Tiger Woods is out of the Masters. Surgery for a pinched nerve will keep Tiger from competitive golf until sometime in the summer, at least.
That should make no golf fan happy. Even Tiger’s detractors should miss him. He makes any tournament more interesting.
Here’s one reason why.
The most recent winners on the PGA Tour are Steven Bowditch (Texas Open), Matt Every (Arnold Palmer Invitational), John Senden (Valspar Championship), Patrick Reed (Cadillac Championship) and Russell Henley (Honda Classic).
I’ve heard of John Senden. Sort of. The rest of those guys?
Now, in the weeks before that, Jason Day, Bubba Watson and Zach Johnson won.
But golf has a little bit of a star-power void. The next generation of stars has been a little slow to develop.
Nineteen golfers have won the last 21 majors. Phil Mickelson, Tiger’s contemporary, and Rory McIlroy are the only two-time winners.
If the final two Masters pairings on Sunday are McIlroy, Mickelson, Day and Justin Rose, then the grass will be awfully green at Augusta. But if the final two Masters pairings are Steven Bowditch, Matt Every, Patrick Reed and Russell Henley, it might as well be the Greater Greensboro Open.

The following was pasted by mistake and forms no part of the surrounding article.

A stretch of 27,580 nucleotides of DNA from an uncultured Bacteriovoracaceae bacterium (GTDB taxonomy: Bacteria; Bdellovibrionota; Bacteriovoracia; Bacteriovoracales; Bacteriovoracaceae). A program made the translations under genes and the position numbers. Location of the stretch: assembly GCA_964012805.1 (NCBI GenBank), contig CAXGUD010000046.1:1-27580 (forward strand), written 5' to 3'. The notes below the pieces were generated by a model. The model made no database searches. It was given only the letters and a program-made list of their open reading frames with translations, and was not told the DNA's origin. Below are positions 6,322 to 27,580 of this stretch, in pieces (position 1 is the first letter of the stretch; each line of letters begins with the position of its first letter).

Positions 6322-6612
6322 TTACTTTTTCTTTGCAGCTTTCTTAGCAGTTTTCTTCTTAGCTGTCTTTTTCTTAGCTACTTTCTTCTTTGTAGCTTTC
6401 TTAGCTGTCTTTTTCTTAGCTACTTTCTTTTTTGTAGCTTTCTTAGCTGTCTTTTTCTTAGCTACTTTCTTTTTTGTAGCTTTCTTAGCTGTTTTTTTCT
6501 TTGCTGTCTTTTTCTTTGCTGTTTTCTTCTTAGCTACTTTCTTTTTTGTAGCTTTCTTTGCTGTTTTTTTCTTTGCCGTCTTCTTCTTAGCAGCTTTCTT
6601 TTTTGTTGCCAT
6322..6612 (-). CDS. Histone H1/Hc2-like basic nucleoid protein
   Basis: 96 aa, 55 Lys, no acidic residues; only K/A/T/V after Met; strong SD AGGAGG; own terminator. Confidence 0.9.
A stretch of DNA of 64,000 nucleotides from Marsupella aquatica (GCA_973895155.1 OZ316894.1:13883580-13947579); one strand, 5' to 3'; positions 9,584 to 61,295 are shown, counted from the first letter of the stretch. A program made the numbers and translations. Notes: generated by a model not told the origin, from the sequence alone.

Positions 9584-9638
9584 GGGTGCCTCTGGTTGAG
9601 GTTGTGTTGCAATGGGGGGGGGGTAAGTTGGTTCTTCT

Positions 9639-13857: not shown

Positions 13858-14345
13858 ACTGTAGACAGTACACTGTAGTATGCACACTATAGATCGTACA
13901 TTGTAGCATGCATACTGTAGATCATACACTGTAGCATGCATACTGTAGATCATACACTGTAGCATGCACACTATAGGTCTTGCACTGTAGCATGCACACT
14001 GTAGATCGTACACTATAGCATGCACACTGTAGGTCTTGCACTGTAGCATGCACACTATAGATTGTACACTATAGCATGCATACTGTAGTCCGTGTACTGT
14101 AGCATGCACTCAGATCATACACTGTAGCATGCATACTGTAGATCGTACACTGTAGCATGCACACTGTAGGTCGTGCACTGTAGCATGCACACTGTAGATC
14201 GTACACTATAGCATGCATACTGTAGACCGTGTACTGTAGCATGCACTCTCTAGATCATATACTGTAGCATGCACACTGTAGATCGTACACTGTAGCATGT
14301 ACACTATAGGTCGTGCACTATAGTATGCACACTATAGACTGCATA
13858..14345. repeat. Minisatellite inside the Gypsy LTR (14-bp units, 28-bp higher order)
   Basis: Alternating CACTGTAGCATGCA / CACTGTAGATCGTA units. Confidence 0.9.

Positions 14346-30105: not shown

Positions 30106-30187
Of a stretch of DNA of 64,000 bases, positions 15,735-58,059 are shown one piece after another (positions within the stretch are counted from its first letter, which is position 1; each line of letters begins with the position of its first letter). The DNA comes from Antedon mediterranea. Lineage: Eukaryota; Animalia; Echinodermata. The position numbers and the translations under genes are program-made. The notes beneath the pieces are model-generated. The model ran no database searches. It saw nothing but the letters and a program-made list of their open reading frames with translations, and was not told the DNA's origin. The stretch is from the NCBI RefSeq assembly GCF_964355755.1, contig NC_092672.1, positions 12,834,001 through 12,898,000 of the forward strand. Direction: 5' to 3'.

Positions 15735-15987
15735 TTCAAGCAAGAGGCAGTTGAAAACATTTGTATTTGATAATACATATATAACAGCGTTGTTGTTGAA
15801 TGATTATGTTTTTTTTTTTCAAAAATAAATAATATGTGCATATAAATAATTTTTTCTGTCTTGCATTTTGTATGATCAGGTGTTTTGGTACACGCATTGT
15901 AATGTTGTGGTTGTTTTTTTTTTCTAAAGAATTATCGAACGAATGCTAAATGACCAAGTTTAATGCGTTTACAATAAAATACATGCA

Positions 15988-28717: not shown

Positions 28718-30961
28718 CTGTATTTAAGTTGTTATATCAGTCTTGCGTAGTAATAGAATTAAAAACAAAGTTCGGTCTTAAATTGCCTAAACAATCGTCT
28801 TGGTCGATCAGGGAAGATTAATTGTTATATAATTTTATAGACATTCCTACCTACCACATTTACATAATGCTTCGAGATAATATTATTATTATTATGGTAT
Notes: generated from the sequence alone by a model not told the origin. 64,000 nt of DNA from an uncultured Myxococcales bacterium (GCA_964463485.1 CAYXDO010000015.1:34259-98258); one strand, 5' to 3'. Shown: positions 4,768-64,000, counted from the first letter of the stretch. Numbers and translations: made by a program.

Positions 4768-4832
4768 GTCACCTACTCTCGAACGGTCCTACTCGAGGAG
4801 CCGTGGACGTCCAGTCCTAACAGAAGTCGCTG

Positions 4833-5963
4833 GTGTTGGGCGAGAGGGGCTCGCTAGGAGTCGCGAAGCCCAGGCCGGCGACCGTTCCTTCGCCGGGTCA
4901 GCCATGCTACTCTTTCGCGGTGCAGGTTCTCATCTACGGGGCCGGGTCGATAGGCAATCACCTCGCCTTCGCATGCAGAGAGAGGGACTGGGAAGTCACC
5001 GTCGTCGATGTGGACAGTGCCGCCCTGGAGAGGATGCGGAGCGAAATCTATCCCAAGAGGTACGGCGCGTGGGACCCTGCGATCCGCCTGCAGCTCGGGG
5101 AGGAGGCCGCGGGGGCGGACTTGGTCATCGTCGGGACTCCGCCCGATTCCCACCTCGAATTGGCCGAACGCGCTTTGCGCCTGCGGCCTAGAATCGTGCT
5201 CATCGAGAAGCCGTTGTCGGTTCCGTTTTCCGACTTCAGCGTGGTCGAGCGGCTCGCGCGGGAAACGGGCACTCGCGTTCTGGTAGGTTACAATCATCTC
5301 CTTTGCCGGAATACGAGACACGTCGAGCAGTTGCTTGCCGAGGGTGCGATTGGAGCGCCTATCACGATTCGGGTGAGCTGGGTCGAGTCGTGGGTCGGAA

Even though Tiger hasn’t won a major since the 2008 U.S. Open, he’s remained competitive. Especially in the Masters. Tiger last won the Masters in 2005. His Augusta finishes are tied for third, tied for second, second, tied for sixth, tied for fourth, tied for 40th and tied for fourth. That’s eight top-six finishes in his last nine Masters.
Augusta was awfully good to Tiger (four green jackets), and Tiger was awfully good to Augusta. Or at least to CBS.
The best thing about the Masters, compared to the other majors, is the annual certainty of big names on the leaderboard. The U.S. Open can produce anonymous champions. So can the British. And the PGA.
But the Masters, even if a Charl Schwartzel or Trevor Immelman wins, almost always is good for a big name or four in contention.
And now a big name, the biggest, will miss the Masters. And we will miss Tiger Woods.